"I've got no legs. That will never get better ... It's all wrong. I feel like I've been chosen for a main part I never wanted to play and everyone's come to watch. They're all watching me, looking to see what's happened, what's gone wrong. Half of them I don't even know. I don't want them to see ... I'll never run again, or dance, or do anything normal ..."
Or, in another scene, narrated by the shock wave of the explosion that maimed Barnes -
"I ripped up his leg, flapping his calf off in my wind. I stripped his trousers away and his penis fluttered in my storm. I pulled open his testicle. I dragged bone deep into his thigh, pushing through pink flesh and vessels, bursting open grey globules of fat. I went through him, shocking his nerves and muscles and jarring his spine, crushing him in his armor ..."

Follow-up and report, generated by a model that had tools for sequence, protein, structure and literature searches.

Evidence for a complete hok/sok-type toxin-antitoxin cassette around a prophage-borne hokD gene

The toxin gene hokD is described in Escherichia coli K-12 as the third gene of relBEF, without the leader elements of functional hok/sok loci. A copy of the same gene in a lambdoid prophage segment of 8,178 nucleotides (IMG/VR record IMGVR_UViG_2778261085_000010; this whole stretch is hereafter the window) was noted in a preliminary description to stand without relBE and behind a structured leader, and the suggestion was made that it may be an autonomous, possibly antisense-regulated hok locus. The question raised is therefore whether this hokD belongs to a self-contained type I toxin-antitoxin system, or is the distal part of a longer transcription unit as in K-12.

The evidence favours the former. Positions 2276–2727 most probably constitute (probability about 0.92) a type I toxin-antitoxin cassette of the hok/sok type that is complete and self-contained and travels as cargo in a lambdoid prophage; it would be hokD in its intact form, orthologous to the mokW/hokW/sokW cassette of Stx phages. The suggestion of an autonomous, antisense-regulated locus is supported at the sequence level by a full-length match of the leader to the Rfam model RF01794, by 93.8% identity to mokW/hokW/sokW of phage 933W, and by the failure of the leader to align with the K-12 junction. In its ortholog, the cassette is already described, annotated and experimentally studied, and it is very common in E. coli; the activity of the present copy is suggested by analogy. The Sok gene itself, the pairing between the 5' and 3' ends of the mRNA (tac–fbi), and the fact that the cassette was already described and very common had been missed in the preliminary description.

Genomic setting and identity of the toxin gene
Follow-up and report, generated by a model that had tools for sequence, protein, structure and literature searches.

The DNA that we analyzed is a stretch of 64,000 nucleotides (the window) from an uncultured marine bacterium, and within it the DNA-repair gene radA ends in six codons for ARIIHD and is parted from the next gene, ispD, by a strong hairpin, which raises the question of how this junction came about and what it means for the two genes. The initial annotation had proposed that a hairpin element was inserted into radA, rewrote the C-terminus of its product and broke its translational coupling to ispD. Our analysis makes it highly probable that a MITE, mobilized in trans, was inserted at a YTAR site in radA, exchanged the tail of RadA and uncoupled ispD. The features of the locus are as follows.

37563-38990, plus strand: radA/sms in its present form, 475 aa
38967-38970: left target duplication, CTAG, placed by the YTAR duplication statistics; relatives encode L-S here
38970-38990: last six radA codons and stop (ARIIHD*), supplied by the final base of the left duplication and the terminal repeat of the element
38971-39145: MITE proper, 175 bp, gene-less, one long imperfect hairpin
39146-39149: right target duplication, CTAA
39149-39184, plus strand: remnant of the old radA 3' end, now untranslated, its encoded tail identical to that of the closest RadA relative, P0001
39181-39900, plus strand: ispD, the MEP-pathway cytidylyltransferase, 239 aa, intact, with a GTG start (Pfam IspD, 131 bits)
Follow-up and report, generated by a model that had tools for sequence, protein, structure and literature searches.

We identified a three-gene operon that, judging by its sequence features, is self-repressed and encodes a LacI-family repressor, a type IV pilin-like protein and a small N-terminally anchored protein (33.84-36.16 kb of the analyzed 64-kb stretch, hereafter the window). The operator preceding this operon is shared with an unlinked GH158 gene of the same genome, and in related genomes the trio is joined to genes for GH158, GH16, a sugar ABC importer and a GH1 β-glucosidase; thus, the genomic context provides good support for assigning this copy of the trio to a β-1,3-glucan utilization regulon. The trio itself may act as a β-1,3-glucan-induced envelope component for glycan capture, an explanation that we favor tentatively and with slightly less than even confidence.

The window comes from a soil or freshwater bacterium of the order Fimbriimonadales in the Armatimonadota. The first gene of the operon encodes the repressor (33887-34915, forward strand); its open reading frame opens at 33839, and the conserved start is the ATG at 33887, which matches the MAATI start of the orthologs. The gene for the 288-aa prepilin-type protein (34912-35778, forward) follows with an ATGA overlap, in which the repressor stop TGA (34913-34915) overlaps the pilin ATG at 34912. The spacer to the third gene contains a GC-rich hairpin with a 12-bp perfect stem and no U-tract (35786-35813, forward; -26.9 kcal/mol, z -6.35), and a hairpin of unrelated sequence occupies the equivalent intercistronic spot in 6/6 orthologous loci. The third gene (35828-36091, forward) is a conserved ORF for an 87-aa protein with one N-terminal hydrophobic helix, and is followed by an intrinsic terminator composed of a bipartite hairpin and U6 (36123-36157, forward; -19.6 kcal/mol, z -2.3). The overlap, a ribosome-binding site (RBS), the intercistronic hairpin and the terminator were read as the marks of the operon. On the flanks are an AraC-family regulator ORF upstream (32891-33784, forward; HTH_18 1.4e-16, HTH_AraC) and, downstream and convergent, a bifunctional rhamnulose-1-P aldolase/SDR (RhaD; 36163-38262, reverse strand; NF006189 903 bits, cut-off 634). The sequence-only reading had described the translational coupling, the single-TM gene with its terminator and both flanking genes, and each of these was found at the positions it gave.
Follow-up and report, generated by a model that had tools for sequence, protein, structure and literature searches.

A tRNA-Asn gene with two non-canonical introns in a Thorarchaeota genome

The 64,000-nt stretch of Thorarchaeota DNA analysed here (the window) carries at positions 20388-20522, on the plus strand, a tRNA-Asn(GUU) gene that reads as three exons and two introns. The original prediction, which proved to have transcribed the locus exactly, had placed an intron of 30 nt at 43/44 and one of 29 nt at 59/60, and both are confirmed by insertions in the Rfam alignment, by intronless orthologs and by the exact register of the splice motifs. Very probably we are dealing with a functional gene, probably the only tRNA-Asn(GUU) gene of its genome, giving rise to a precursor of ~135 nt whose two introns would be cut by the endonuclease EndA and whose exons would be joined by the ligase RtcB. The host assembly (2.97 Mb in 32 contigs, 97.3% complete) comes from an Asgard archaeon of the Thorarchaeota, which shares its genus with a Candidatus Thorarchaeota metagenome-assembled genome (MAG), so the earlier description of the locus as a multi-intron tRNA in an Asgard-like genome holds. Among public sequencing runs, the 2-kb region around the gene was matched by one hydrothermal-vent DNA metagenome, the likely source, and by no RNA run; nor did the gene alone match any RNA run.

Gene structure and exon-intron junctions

There are similarly shocking scenes which follow the fates of the two young Afghans, one of the worst narrated by a wheelbarrow bearing a disfigured and broken body, driven by a grief-stricken father resolved to confront the British soldiers with what they have done. His approach to their outpost with its armed watchtowers was reminiscent of scenes from another novel from the same war, Joydeep Roy-Bhattacharya's THE WATCH. Likewise, another scene, narrated by a medal, a decoration being awarded to Barnes, made me suddenly remember Dalton Trumbo's 1939 novel, JOHNNY GOT HIS GUN, a classic of anti-war literature with it limbless, faceless protagonist. Barnes, in pain, and struggling to stay upright on his new artificial legs, looks out at the soldiers in attendance at the ceremony and thinks -